Although I don’t do it as much as I used to, I still enjoy arguing about conspiracy theories with people on the Internet. As I’m generally pretty skeptical of conspiracy explanations, I usually find myself defending whatever the conventional explanation for something is, and as often as not I get accused of believing without question whatever the government (or Big Pharma, or whoever) tells me. Basically, people accuse me of being an authoritarian, which I’m decidedly not (much to my parents’ dismay).
There has been a lot of psychological research on authoritarianism, much of it by Theodor Adorno and Bob Altemeyer. Some has even concerned conspiracy theories, but as you’ll see, the results are a bit inconsistent. Some studies have shown that people who are more authoritarian are more likely to believe conspiracy theories. For instance, in a seminal study in conspiracy psychology, Marina Abalakina-Paap and colleagues showed that specific conspiracy beliefs tend to be associated with high levels of authoritarianism. Several studies by Monika Grzesiak-Feldman have shown that anti-Semitic conspiracy theories in Poland are more likely to be held by authoritarians. Likewise, a study in the 1990s by Yelland and Stone found that authoritarians are more amenable to persuasion that the Holocaust was a hoax, orchestrated by a massive Jewish conspiracy. Viren Swami, a psychologist at the University of Westminster, has demonstrated that anti-Semitic conspiracy theories are associated with authoritarianism in a Malaysian sample as well.
But there’s some evidence pointing the other way as well. In a separate study, Swami and his colleagues at the University of Westminster showed that 9/11 conspiracy beliefs are associated with negative attitudes toward authority, and John W. McHoskey found that people high in authoritarianism were more likely to be anti-conspiracist when it comes to the JFK assassination.
So what’s going on here? It looks like the content of the theories is what matters. The research on the psychology of authoritarianism has long shown that authoritarians tend to derogate and scapegoat minorities, which seems to be what’s going on in a lot of these anti-Semitic cases: a minority is being blamed by the majority for the ills of society. Swami’s Malaysian study actually proposes that the anti-Semitism shown by the Malaysian respondents might be a proxy for anti-Chinese racist attitudes: there are very few Jews in Malaysia, so Malaysian authoritarians might displace their ethnic aggression from a relatively powerful and socially accepted minority group (Chinese) onto one that is almost non-existent in their society and so can be scapegoated without consequence (Jews).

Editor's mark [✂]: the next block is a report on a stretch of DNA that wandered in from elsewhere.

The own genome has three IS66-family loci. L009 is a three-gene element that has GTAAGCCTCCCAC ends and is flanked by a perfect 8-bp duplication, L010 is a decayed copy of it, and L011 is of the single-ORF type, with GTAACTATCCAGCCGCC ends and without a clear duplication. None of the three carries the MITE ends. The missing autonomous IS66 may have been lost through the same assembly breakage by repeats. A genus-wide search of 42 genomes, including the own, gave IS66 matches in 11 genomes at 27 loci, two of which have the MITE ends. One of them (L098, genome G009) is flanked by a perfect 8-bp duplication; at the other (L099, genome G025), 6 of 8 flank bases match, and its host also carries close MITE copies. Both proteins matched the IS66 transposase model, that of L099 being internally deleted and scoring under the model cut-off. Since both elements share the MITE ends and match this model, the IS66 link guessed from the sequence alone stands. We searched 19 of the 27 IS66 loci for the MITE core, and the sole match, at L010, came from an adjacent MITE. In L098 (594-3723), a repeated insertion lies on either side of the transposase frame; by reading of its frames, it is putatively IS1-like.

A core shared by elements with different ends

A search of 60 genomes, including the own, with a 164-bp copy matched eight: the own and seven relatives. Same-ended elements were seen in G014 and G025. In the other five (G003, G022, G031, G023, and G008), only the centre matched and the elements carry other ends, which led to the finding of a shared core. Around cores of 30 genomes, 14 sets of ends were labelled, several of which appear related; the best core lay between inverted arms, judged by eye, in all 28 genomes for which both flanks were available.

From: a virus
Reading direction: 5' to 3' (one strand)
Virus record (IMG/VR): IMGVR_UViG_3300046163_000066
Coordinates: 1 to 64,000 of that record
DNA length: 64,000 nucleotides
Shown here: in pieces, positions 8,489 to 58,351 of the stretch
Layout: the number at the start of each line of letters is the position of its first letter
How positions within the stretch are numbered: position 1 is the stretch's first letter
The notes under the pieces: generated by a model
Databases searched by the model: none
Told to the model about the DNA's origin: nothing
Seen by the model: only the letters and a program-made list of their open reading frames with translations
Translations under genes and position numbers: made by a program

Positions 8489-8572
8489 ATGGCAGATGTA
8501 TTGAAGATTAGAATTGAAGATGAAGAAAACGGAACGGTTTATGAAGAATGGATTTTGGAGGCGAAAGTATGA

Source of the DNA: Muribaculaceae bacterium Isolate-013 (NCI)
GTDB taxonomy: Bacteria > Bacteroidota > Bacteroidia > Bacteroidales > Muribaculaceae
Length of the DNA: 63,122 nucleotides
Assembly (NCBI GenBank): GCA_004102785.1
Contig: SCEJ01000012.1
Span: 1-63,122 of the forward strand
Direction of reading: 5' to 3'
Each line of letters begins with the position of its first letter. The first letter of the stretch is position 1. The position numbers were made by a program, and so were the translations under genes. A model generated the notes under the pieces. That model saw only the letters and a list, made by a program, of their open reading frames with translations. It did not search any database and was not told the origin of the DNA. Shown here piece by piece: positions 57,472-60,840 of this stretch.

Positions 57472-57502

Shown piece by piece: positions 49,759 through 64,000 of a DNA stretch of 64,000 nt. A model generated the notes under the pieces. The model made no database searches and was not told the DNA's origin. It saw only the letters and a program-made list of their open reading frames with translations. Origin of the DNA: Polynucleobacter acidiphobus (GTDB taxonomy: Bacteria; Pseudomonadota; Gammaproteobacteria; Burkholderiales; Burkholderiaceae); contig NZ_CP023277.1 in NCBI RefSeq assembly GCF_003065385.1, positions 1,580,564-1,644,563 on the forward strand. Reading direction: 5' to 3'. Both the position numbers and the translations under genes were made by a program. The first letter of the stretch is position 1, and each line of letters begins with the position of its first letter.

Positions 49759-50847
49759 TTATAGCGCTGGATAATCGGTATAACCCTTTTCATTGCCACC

In contrast, a lot of modern conspiracy theories have a very populist and anti-government tone. They blame authorities for the evils of society, not minorities – the American government blew up the Twin Towers, MI6 killed Princess Diana, and so on. So it makes sense that authoritarians would be less likely to believe that their governments are conspiring against them and anti-authoritarians would find this idea more appealing. There’s no uniform association between authoritarianism and conspiracy belief – it seems to depend on the specifics of the theory in question.
As a side note: there is still some crossover between the anti-Semitic conspiracy world and the more anti-authoritarian theories like the 9/11 truth movement. 9/11 conspiracies are very popular in the Arab world, where there’s also a lot of anti-Semitism. There is also some crossover in the domain of anti-Zionism, which most anti-authoritarian conspiracy theorists seem to adhere to – David Dees is a good example (probably most of his cartoons feature anti-Zionist elements) – but anti-Zionism is not anti-Semitism, it’s just a point on which authoritarian and anti-authoritarian conspiracy theorists often agree.
Still, antisemitism used to be much more socially acceptable than it is now, and its influence persists in the darker corners of even some modern conspiracy theories. You can see this a lot in editorial cartoons, where conspirators, especially bankers, are portrayed as having exaggerated hooked noses and tentacles straight out of Der Ewige Jude. The artists probably have nothing against Jewish people, but are instead following the conventions of anti-banker propaganda that were first established in the early 20th century, when Nesta Webster was in her prime, the Protocols of the Learned Elders of Zion were still a going concern, and people were generally just really worried that the Jews were up to something.